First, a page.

The roof had a sky-light which we lifted and used to lower ourselves onto the floor below. The open sky-light acted as a primitive chimney letting out some of the smoke from the pan-cake fire. They were the years of so many discoveries including my first movie. Those pre-teen years were possibly the most dangerous. We were reckless and without fear, daring to do anything.

The coastal dune areas of The Hague where we lived still had very long underground tunnels buried in the sand of the dunes which linked the large concrete bunkers. Some of the bunkers still had enormous cannons which were aimed across the sea towards England to ward off any attempts to regain the Dutch territory from the German occupiers. I was so lucky to have as my playground those dunes, the sea and those underground tunnels.

They were pitch dark and we used small bottles filled with kerosene with a burning wick floating on top to give  light and guide us through them. No adventure land could have been designed better. We spent many hours and days crawling inside those underground tunnels and bunkers with the kerosene lights. I had four brothers and we all lived in a walk up apartment on the second floor.

Yet, my parents and perhaps most parents of these times did not seem to have been consumed by worry. Perhaps having gone through the terrors of war, bombing and famine, surviving parents took a well earned break from worry afterwards.

I often wonder about the different parental attitudes now and those of many years ago. Just witness all those modern anxious parents of today, scared stiff to even let the kids walk home by themselves. All activities now-a-days are strictly supervised and nothing left to chance or for kids to find their own adventures.

Perhaps the fact those families were bigger played a role. It was simply impossible to check on every child for every minute of the day. In any case, we were free. I felt that we never exceeded danger levels but as an eleven year old, perceptions of danger were somewhat arbitrary. When I jumped between frozen slippery timber beams at an open canal- lock letting boats through the different water levels, I fell down but managed to hold on to a beam. The lock-master saw it and pulled me up, gave me a belting and I never ever went back to that area again.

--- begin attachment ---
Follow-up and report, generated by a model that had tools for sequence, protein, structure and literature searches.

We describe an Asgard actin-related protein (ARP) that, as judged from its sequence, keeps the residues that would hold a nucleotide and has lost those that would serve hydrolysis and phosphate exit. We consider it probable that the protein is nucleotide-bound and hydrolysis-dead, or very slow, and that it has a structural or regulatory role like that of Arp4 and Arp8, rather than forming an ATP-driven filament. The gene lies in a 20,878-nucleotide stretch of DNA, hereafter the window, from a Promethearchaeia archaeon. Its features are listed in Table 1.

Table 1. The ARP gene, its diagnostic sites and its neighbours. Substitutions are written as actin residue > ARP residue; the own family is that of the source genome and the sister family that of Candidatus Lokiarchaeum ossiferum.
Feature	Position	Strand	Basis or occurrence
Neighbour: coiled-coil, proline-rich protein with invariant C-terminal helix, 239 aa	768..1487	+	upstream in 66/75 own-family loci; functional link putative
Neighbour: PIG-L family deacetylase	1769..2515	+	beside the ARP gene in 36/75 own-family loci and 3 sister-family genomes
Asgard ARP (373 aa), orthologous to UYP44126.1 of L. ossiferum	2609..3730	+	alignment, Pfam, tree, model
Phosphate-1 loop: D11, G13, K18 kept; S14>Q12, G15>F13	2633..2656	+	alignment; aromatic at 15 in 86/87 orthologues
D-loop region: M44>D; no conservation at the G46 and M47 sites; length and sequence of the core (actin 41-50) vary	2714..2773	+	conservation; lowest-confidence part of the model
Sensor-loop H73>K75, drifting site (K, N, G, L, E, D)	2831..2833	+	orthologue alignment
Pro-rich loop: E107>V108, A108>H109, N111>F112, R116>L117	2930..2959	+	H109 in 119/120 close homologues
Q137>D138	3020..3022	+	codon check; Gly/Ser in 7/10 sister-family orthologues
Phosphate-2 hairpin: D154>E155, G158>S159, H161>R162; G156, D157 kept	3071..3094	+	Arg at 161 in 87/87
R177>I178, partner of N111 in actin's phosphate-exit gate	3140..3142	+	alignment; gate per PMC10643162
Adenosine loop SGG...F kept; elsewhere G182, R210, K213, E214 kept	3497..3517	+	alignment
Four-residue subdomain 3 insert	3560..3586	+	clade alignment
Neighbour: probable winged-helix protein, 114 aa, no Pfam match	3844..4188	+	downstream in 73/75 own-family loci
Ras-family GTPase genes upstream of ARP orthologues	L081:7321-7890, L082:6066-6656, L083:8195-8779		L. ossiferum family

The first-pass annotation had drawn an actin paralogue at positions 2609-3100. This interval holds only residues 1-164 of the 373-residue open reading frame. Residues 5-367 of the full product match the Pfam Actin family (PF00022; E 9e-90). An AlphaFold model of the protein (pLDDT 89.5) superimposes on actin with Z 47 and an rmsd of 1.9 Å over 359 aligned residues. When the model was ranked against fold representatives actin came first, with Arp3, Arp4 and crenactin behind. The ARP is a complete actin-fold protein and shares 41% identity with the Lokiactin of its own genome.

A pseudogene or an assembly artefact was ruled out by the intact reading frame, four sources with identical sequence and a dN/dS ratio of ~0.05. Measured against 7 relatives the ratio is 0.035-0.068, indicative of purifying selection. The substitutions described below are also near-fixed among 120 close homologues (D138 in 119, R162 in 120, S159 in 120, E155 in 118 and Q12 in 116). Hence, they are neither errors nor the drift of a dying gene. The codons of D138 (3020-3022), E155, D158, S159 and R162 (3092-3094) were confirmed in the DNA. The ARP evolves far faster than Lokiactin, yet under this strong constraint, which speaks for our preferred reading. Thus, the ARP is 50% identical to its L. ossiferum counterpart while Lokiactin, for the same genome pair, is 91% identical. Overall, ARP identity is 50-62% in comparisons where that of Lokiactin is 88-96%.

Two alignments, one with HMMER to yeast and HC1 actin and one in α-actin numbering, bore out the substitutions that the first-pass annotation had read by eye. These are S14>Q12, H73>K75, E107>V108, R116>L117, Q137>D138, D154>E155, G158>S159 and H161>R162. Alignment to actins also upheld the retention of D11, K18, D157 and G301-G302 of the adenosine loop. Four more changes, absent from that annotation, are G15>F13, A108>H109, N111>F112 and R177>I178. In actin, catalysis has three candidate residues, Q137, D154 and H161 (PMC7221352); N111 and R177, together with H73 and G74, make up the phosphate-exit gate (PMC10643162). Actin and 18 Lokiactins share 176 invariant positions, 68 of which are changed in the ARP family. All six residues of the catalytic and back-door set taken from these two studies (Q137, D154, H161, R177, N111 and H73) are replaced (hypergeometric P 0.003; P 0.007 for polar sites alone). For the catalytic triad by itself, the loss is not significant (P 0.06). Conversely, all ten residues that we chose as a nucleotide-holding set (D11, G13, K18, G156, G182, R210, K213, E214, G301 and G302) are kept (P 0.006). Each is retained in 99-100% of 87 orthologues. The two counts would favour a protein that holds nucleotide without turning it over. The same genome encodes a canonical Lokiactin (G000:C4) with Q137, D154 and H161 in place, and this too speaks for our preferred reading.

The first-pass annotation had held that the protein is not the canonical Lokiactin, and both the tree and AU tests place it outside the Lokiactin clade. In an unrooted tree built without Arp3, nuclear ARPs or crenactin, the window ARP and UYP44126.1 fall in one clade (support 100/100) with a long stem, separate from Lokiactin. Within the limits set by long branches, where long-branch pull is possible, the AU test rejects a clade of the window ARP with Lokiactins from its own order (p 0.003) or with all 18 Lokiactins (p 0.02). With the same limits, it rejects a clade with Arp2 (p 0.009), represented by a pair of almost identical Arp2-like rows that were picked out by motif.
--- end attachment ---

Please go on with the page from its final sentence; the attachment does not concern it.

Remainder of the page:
It could well be that adventure needs some danger. Perhaps adventure is the possibility of danger. Exclude all risk and danger and you stand risking inviting torpor with creative growth stunted. The one light on today’s horizon on bringing back adventure are the provision by so many councils of skate board ramps. If you are looking for kids on the street, forget it. They are all at home being locked up and looked after by parents flat out keeping danger at bay. But, for those that are not quite so protective of their broods, many are released from oppressive parental control and are found skate boarding.  There is still hope for kids risking bruising and breaking bones. At least it is something.

As for my first movie. It was in black and white and called Rin Tin Tin. From memory it involved a large German shepherd saving people from danger. We used to go wild afterwards, terrorizing the neighbourhood pretending we were all heroes, part of the Rin Tin Tin movie. I believe Rin Tin Tin saved the Warner movie industry in the thirties and forties. Twenty three Rin Tin Tin movies were made and countless radio plays based on this dog kept millions enthralled for decades.

Could it be true that Spiderman and Batman have replaced RinTinTin?